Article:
Blossomberry Farm
The Downeast Ramblers in 1962. In the background is Blossomberry Farm, outside Norwich, Vt. WCD spent a great deal of time as a Dartmouth undergraduate here, drinking hard cider and playing blues and folk and bluegrass and being around some of the most interesting people he has ever known.
The Downeast Ramblers during the same period. Musicians like Jim Kweskin, John Hammond, Bill Keith, and Jim Rooney regularly came up from Cambridge to hang out and play music. Keith & Rooney opened for Joan Baez at her Dartmouth winter concert in 1961, her first major appearance outside Club 47 in Cambridge. They were staying out at Blossomberry Farm and there was a blizzard and they had to make their way into Hanover through 10-foot drifts of snow. The silence that hushed Webster Hall when Baez came out on stage and began to sing is remembered with awe by everyone who was there. 
Sue Klinck, musician, artist, auto mechanic, pig farmer, motorcycle rider. The women -- dare one say, in these ideologically rigid times, girls -- who floated in and out of Blossomberry Farm seem now like the nymphs and dryads  of ancient myth. Looking back, one recalls Proust's wonderful sentence: "I thought her very beautiful, still rich in hopes, full of laughter, formed from those very years which I myself had lost, she was like my own youth."
Another picture of Sue, working on the changes for "Banks of the Ohio." Her husband Sterling was banjo player for the Downeast Ramblers.Years after the community broke up, WCD wrote a song called "Blossomberry Farm" in memory of those days that are gone forever.  The beginning, as he recalls, is "The pigs was in the kitchen / The corn was in the barn /The fiddles they was tunin' in the hall/ Jonny was a little drunk / But he didn't mean no harm / At Blossomberry Farm in early fall." The rest escapes him.
Sterling Klinck (banjo) and Jack Tottle (mandolin) at the Williams Folk Festival in 1960. Sterling graduated from Dartmouth a couple of years before WCD arrived, which was lucky because Sterling and Sue then moved out to Blossomberry Farm to give us all a home away from home. Jack was still a student at Dartmouth when WCD was there. He went on to become a great bluegrass musician and songwriter. You can buy his latest CD by clicking here on the cover:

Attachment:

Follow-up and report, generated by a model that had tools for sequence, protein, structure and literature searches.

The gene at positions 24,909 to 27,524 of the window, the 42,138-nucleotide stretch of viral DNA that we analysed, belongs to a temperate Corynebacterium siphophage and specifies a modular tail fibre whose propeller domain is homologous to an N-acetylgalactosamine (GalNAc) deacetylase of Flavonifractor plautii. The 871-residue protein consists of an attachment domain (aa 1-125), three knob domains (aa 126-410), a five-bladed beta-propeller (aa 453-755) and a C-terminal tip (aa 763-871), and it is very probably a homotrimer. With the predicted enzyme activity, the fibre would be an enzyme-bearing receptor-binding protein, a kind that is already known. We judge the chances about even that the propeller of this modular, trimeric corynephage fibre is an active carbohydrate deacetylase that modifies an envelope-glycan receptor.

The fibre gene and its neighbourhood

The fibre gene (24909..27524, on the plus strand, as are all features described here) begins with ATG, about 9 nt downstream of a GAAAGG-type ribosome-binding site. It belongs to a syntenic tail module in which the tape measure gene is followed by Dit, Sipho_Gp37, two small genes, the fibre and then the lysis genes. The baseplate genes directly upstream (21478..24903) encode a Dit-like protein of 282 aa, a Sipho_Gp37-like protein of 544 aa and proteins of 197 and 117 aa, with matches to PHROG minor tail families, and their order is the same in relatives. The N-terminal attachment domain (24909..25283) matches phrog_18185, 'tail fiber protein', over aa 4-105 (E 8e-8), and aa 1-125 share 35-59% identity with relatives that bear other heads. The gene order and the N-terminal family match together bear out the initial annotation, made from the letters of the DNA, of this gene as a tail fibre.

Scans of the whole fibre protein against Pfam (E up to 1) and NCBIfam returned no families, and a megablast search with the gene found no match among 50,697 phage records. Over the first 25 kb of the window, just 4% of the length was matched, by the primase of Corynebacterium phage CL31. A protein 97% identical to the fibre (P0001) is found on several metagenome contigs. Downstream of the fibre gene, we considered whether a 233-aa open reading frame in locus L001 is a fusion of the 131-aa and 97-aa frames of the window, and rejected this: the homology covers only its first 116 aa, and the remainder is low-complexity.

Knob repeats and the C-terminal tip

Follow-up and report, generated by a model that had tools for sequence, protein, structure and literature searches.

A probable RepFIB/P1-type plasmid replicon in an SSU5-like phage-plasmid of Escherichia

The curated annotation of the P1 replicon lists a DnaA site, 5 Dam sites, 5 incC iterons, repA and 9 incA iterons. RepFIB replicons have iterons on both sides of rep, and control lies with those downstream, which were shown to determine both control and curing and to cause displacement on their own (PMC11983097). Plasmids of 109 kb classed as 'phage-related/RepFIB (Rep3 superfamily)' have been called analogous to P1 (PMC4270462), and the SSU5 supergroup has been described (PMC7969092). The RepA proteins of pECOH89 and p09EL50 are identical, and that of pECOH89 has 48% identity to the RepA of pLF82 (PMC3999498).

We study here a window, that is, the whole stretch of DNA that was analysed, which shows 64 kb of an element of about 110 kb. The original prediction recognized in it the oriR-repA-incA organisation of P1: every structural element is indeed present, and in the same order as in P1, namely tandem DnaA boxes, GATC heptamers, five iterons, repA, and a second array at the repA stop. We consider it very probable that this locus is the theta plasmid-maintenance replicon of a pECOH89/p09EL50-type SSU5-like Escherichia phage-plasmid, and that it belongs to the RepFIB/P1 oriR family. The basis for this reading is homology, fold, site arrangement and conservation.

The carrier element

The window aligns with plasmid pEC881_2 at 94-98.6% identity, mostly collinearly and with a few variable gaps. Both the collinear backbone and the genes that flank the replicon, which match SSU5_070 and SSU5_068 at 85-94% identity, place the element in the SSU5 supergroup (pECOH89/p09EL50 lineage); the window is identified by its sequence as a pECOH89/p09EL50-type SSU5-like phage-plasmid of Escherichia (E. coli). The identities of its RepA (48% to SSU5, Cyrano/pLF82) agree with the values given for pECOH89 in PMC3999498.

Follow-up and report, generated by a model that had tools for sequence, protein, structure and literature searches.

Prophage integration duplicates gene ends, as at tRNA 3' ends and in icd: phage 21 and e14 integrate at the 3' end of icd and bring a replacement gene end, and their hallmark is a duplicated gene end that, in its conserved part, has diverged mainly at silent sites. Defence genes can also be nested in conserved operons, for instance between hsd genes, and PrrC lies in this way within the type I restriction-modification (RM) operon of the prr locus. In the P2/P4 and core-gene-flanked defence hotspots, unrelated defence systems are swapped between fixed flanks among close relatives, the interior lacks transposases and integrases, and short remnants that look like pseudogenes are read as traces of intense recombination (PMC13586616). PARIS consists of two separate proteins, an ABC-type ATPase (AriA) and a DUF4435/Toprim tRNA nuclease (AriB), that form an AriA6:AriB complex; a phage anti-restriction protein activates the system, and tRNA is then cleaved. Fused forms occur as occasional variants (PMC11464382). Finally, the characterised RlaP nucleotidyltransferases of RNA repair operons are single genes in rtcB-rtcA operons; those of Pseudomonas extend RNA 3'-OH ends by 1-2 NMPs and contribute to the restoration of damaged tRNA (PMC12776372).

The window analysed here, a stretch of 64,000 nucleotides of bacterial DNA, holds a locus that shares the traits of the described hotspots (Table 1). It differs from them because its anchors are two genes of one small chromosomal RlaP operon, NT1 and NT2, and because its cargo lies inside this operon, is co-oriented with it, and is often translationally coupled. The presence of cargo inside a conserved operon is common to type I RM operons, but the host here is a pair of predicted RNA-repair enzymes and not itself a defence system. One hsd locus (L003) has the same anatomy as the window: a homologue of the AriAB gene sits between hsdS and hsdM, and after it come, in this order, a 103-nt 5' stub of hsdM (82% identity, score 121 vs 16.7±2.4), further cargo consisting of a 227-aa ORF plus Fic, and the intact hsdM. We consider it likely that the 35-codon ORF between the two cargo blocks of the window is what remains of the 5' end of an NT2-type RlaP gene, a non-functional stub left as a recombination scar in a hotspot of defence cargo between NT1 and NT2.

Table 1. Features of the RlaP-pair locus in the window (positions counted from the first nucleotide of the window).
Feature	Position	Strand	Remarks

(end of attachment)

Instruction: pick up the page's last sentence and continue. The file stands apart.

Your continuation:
This is not Blossomberry Farm but the Dwarfy House, which may be regarded as its metaphysical annex. It was built by Jack Carson with his own hands when he dropped out of Dartmouth and went to live in an undisclosed location outside Hanover. It was sort of like Thoreau at Walden. Jack bought the land for $200 and spent $800 on lumber and other materials. It got passed on to Dave Petraglia, who was the guru and loremaster of WCD's group of friends. The Dwarfy House was another part of their secret world.
The thing about the Dwarfy House is that it didn't have stairs leading from anything to anything. The living room bedroom was the first floor, and then there was this ladder leading up to the kitchen on the second floor, and from there you could get up to a sleeping loft under the eaves, where you could hear the wind howling during blizzards and feel safe and warm until morning.

This is the Dwarfy House as it exists today. WCD recently made a pilgrimage to its undisclosed location to see if it was still there. It is still there, but now it is not in the remote woods but on a dirt road lined with fancy summer places built by city people who come up to Hanover to be rustic in the summer. When WCD made his visit, the Dwarfy House itself was up for sale for an astounding amount of money ($105,000) because it is now on a road with fancy summer places that cost similarly amazing sums. It is a long time since we drank hard cider and played "Cocaine Blues" and went to bed up in the sleeping loft when the snow was coming down heavy on the roof.